WASHINGTON — On April 12, 1994, six days after a plane carrying Rwanda’s president was shot down, setting off a wave of killings, Madeleine K. Albright, the American ambassador to the United Nations at the time, sent a cable to the State Department proposing that the United States take the lead in pushing to withdraw most of the United Nations peacekeeping force operating there.
Ms. Albright’s tersely worded cable, recently declassified, starkly captures the reluctance of the United States to respond to the deepening crisis in Rwanda.
When most of the United Nations force was withdrawn shortly afterward, leaving the violence almost completely unchecked, the crisis rapidly escalated into one of history’s most grimly efficient genocides, with some 800,000 people killed in less than 100 days.
Twenty years after the genocide, the National Security Archive and the United States Holocaust Memorial Museum have obtained nearly 300 secret cables from the United States, Britain, New Zealand and other members of the United Nations Security Council during the fateful weeks when events in Rwanda spiraled out of control.
The documents, which the groups posted on their websites on Monday, offer a vivid record of closed-door debates, in which the diplomats, lacking accurate information and scarred by a disastrous military mission in Somalia months earlier, voted to pull out most of the peacekeepers at the very moment that they could have curbed the killing.
“It’s clear, in hindsight, that the pullout of peacekeeping was the green light for genocide,” said Tom Blanton, director of the National Security Archive at George Washington University, which, along with the Holocaust Museum, is sponsoring a conference this week in The Hague on how the world handled the Rwanda crisis.
Cameron Hudson, the acting director of the Holocaust Museum’s Center for the Prevention of Genocide, said, “It looks very cold and doesn’t paint any of the big countries in a good light.”
President Bill Clinton has described his administration’s inaction as one of the greatest regrets of his time in office. Ms. Albright, who has also expressed regret, said in an interview that she welcomed the release of the cables because she hoped a fuller exploration of that period would contribute to policies that would prevent future atrocities.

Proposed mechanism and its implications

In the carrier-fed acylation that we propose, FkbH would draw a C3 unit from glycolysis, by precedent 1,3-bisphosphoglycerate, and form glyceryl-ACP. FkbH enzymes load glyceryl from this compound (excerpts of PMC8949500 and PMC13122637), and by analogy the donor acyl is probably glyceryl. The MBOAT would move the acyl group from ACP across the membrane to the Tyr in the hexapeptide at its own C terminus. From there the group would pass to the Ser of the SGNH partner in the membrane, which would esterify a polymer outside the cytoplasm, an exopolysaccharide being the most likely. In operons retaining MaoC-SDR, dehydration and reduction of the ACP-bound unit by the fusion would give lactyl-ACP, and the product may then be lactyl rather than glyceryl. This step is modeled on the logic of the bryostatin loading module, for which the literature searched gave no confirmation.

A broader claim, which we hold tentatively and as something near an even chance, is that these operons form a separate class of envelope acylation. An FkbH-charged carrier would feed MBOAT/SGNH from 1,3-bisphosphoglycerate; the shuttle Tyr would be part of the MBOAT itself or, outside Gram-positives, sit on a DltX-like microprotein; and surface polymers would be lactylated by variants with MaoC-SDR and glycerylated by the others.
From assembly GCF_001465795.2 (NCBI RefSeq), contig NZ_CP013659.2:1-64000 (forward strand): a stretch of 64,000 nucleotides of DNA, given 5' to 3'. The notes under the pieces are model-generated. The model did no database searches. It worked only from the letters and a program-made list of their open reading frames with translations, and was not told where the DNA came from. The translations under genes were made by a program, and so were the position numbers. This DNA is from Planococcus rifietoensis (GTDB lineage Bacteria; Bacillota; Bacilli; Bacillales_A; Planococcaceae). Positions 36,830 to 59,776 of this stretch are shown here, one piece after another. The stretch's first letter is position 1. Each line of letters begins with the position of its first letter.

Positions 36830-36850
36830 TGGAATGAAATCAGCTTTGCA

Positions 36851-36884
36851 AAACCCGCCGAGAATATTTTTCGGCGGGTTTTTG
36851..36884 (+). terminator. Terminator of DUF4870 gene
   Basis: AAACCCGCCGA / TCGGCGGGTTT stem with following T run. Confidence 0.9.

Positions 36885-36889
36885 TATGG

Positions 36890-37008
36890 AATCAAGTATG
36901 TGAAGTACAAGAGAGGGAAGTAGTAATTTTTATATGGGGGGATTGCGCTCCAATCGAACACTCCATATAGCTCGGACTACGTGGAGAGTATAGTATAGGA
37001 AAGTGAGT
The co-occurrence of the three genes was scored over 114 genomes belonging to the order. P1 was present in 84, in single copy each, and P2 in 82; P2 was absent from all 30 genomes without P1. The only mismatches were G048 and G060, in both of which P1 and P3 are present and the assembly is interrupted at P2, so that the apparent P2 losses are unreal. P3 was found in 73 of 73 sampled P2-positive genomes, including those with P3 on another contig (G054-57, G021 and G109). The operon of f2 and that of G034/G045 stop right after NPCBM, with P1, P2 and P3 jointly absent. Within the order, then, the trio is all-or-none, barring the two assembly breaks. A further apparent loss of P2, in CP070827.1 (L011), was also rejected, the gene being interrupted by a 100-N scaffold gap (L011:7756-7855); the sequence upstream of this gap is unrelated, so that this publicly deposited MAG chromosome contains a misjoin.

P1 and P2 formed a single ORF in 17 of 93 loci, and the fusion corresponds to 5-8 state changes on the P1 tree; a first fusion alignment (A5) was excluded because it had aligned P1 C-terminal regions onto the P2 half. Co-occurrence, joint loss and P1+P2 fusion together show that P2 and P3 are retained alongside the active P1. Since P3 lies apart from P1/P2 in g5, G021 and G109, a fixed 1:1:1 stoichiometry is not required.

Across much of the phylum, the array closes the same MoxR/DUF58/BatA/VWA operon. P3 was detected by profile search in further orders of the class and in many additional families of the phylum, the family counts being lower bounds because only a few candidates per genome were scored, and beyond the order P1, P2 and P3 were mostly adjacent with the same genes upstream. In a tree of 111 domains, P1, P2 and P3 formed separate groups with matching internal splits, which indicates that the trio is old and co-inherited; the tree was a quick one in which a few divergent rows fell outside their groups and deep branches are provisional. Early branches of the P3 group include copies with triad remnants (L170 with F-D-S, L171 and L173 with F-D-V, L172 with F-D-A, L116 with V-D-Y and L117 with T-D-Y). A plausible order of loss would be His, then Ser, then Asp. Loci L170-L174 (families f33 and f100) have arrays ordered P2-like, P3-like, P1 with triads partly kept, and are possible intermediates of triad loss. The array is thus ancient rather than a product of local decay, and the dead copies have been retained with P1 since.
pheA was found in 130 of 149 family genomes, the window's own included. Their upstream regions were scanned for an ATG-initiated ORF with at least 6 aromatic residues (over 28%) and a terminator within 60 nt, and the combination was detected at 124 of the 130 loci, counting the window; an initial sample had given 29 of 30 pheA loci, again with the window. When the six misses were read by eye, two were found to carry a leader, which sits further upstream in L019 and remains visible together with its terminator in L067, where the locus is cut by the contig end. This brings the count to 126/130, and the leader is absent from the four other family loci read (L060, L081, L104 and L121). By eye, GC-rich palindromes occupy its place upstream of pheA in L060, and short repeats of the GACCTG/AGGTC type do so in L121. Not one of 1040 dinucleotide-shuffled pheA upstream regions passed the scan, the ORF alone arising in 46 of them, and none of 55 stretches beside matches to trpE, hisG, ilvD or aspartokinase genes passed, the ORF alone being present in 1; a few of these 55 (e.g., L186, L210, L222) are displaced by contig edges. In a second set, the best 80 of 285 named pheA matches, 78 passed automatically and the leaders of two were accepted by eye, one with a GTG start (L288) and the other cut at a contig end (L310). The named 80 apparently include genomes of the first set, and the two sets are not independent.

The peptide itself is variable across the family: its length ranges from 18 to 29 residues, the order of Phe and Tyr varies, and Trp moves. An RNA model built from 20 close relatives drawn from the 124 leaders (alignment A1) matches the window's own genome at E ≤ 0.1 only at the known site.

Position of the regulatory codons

On April 14, after Belgium announced that it would pull its troops from the peacekeeping force in Rwanda, the Security Council debated whether to beef up the mission to help protect civilians, withdraw it entirely or scale it back to a rump force, largely for symbolic value. The United States and Britain favored the third option.
“I understood why there had been talk of protecting civilians,” the British ambassador at the time, Sir David Hannay, wrote in a cable. “But even a vastly increased and better equipped UNAMIR would find such a broad mandate difficult to fulfill,” he said using the acronym for the peacekeeping force, United Nations Assistance Mission for Rwanda.
In her April 12 cable, Ms. Albright said there was a “window of opportunity” to withdraw the bulk of the force because the airport in the capital, Kigali, was still under the control of Belgian and French troops. She advocated leaving behind a “skeletal staff that might be able to facilitate a cease-fire and any future political negotiations.”
On April 21, after a week in which 10,000 Rwandans were killed in Kigali alone, the Security Council voted to reduce the size of the force to 270 troops from 2,100. The remaining peacekeepers found themselves “standing knee-deep in mutilated bodies,” said Roméo Dallaire, the Canadian general who commanded the United Nations force.
At the National Security Council, Richard A. Clarke, a counterterrorism adviser to Mr. Clinton, was trying to scale back American involvement in United Nations peacekeeping operations, in part to fend off lawmakers who wanted to end them altogether.
These emails are held by the Clinton presidential library, Mr. Blanton said, but the White House has not signed off on a declassification request he submitted nine months ago. “The American declassification system does not have any rationality built into it,” he said.
But the other declassified cables offer a window into African countries’ frustration with the West’s reluctance to act. On May 5, 1994, the ambassador from Nigeria, Ibrahim Gambari, who was then leader of the Security Council, warned that it needed to do something very soon; otherwise, it would be a “laughingstock.”
Ms. Albright said Mr. Gambari’s arguments persuaded her that the United States risked being on the wrong side of history. At one point, she left a Security Council meeting and placed a heated call to Washington to resist its demands for a complete withdrawal.
“I wanted to have more flexibility,” she said, “but the options for having a large operation were so difficult.”
Even if the political will for major intervention had existed, by that time, it was probably too late to prevent Rwanda from becoming a charnel house. But for the leaders today, who are confronting mass violence in Syria, South Sudan and the Central African Republic, Rwanda stands as a cautionary tale of what happens when the world dithers.
“We struggled through this in Darfur and the Balkans,” Mr. Hudson said. “Now the knee-jerk reaction is to get more troops in, to smother the violence before it breaks out.”
The New York Times